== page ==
True, the film does require a healthy suspension of belief, visibly in terms of the landscape — obviously non-Levantine to anyone who’s paid attention during the news. With Orlando Bloom’s character Balian of Ibelins leap from blacksmith to knight comes a sudden, exhaustive knowledge of war that almost matches that of brilliant tactician Salah al-Din; he struggles with his religion and flirts with agnosticism in a contemporary fashion. Scott freely admits that, when it came to Balian, he embroidered the historical figure for cinematic purposes — or, rather, sewed it almost from scratch.
Other historians go further, asserting that the whole concept of religious tolerance is redundant in a film about the Crusades — a charge strongly refuted by Scott. Scholar Hamid Dabashi, an Islamic history advisor on the film, believes that Scott was “after locating a common humanity beyond religious affiliation.” But he does so not despite peoples faith, but through it.
Dabashi is wary of loading a film like Kingdom of Heaven with heavy baggage. (After all, as Scott himself has said, “I try to make movies — I’m not a documentarian.”) “No one goes to see a film by Ridley Scott to learn about the historical nuances of the Crusades,” the academic and author told Bidoun, “as indeed no one goes to a historian of the Crusades to learn the craft of turning the existential anxieties of the age into a work of art.”
Indeed, the parts that cynical western hacks have decried as unrealistic, or simply too sentimental — such as at the end of the film, when Salah al-Din, taking control of a ransacked Jerusalem, bends to pick up a crucifix lying on the floor of a church — have been applauded in the Arab world.
In an interview with Bidoun, Syrian star Ghassan Massoud explained how the gesture came about: “The original plan was that I walked past. However, I spoke to Ridley and told him, Salah al-Din would never have left it there. He respected Christianity and Christians — many of those in his army were Christians, and so were several of his advisors. Ridley listened to me and agreed with my suggestion.” His reading of Salah al-Din as a statesman rather than a religious warrior — a political leader of an Islamic empire — fits snugly with Scott’s vision; the actor, not quite as on-message as Scott, compared the film directly to today’s politics. “Is there a victorious leader in this world today who starts a dialogue?” asked Massoud. “No, unfortunately there isn’t, and we all know who has the victory and the power, how he uses this power and how he abandons diplomacy and politics and uses grenades as means of dialogue. So, no, there isn’t a modern equivalent of Salah al-Din. And yes, we need more than one.”
For Massoud, the film is a “major step in the process of improving the image of Muslims and Arabs in the West…to this day [many people] see all Arabs as the nineteen people who carried out 9/11.” Dabashi sees Scott’s film as “one of the rare recent works in which a positive, and even affectionate, image of Arabs and their culture and history is quite evident. In one conversation between Salah al-Din and King Baldwin IV, or between Salah al-Din and Balian, or between Salah al-Din and Imad, you see far more dignity and complexity to their respective characters than is evident in the entire spectrum of the US media coverage of the daily news around the world.”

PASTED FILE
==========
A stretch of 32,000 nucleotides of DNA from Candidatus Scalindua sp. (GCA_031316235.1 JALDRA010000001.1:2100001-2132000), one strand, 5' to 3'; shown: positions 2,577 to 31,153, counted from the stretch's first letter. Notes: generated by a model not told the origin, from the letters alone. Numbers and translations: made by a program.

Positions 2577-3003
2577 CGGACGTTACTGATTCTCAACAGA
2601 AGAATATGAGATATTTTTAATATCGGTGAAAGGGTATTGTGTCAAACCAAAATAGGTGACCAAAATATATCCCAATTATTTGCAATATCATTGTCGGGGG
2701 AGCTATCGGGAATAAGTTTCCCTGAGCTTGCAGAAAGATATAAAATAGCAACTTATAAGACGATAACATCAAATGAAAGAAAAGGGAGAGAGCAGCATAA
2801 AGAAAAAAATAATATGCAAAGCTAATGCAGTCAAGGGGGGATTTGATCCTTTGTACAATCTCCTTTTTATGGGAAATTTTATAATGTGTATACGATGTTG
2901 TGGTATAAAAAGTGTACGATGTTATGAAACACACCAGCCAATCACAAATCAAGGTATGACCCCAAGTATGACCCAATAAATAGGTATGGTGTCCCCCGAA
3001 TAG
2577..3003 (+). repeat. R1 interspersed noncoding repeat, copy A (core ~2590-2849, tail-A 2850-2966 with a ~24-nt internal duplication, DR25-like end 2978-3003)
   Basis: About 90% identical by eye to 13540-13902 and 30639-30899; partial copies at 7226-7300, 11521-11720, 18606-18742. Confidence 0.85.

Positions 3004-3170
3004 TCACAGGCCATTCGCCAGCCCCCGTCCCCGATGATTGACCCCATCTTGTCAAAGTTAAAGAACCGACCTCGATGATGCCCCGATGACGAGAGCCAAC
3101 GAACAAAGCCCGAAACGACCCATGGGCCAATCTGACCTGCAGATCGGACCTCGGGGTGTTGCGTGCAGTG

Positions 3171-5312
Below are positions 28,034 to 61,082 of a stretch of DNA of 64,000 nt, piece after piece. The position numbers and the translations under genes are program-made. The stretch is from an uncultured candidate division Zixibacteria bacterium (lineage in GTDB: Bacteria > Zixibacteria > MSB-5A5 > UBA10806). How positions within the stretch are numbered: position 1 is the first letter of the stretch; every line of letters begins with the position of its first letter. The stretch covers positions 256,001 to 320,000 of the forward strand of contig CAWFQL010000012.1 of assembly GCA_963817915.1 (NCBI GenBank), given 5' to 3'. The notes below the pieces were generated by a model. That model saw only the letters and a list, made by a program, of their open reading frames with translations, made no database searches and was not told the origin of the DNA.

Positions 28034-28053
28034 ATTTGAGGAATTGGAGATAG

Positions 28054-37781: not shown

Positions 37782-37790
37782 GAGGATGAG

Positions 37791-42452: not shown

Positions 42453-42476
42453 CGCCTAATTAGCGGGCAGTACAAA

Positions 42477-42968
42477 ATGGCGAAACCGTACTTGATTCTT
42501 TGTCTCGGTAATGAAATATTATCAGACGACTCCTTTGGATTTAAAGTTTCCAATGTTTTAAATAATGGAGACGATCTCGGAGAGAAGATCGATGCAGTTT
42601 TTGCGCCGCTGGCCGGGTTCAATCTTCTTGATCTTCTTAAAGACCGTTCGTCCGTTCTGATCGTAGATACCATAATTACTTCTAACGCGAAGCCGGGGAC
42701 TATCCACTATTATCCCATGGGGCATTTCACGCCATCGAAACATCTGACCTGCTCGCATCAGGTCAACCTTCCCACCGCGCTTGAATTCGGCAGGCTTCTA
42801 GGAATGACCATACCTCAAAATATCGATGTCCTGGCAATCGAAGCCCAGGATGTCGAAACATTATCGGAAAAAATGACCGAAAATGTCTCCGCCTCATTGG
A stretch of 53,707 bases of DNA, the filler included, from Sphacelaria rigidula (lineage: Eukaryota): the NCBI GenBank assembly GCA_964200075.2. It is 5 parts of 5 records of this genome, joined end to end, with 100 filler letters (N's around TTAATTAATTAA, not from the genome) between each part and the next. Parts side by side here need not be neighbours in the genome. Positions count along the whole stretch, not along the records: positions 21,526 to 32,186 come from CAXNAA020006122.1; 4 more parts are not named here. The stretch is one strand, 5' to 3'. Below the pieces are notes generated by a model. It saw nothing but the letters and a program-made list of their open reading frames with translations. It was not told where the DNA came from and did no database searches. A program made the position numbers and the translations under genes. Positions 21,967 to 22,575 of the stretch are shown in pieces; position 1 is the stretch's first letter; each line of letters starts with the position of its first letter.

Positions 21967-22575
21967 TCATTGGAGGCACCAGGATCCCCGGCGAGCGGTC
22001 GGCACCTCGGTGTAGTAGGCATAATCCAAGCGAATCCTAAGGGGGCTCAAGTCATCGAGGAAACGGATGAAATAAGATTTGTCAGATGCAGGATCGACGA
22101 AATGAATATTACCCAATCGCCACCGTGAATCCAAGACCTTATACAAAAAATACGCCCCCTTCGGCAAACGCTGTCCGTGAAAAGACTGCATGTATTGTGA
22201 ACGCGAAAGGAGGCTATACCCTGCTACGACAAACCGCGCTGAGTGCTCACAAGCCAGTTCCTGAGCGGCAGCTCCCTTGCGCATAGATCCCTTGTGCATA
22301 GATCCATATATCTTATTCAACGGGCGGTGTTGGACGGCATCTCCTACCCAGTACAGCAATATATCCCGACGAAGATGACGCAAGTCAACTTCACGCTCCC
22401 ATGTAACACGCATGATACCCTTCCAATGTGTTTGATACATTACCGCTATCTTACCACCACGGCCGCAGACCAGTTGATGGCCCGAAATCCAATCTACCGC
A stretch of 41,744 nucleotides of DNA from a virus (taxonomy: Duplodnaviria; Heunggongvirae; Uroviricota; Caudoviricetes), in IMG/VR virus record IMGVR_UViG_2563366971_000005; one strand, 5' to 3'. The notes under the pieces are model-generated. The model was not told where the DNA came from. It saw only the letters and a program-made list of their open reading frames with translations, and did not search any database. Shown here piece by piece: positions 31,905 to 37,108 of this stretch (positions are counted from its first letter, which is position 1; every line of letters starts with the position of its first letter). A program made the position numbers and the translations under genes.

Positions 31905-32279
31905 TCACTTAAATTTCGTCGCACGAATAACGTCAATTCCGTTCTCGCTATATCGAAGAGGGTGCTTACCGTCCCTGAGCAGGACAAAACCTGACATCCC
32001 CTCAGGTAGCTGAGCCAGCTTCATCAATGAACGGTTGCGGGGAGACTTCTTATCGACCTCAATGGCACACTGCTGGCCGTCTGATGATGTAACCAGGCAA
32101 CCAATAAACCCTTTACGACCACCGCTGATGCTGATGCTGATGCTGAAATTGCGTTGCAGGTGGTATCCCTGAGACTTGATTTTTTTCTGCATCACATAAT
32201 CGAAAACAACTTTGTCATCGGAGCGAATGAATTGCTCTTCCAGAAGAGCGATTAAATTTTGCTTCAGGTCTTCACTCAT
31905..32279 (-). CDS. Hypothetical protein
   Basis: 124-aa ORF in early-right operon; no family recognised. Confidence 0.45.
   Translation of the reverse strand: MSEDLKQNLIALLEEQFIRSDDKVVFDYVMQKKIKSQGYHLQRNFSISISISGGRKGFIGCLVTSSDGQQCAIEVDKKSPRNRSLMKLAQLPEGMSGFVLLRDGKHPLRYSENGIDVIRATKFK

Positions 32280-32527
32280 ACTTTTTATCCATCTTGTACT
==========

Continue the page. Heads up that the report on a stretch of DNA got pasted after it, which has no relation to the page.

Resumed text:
Indeed, perhaps it says something about the dearth of positive or meaningful Middle Eastern content in Hollywood films that this blockbuster flick has been seized upon as some kind of educational tool or historical document. Likewise the excitement caused by Ghassan Massoud’s role — a speaking one, no less!
Jack Shaheen, author of Reel Bad Arabs, a seminal study on the role of Arabs and Muslims in Hollywood films, believes that in spite of the prevailing ideology about Muslims and Islam, Scott made a noble effort to defuse hatred. “This,” he told Bidoun, “is especially pleasing as Scott has demeaned Arabs in his movies in the past — see Gladiator and GI Jane, for instance. They worked extremely hard to make sure that the Muslim world couldn’t point at Kingdom of Heaven and say, ‘Here you go again.’”
Critics have tended to agree that five years ago, whoever had been at the helm, the Saracens would have been portrayed differently. “Of course, if the film had made the Muslim characters onedimensionally bad, it probably would’ve been more successful in the US, as it would’ve played to people’s expectations and fears,” says Shaheen. (Fox International’s Tomas Jegeus has admitted that the film garnered more publicity, and better coverage of the themes and message of the film, internationally than in the US.)
Is the film indicative of some kind of positive trend in Hollywood? Shaheen believes that, post-9/11, there have been some subtle positive changes, but that the image of Arabs in Hollywood films is much the same. “I was a consultant on Three Kings, and I thought it was a major breakthrough, but one year later Hollywood gave us Rules of Engagement and it was a huge hit. What can I say?”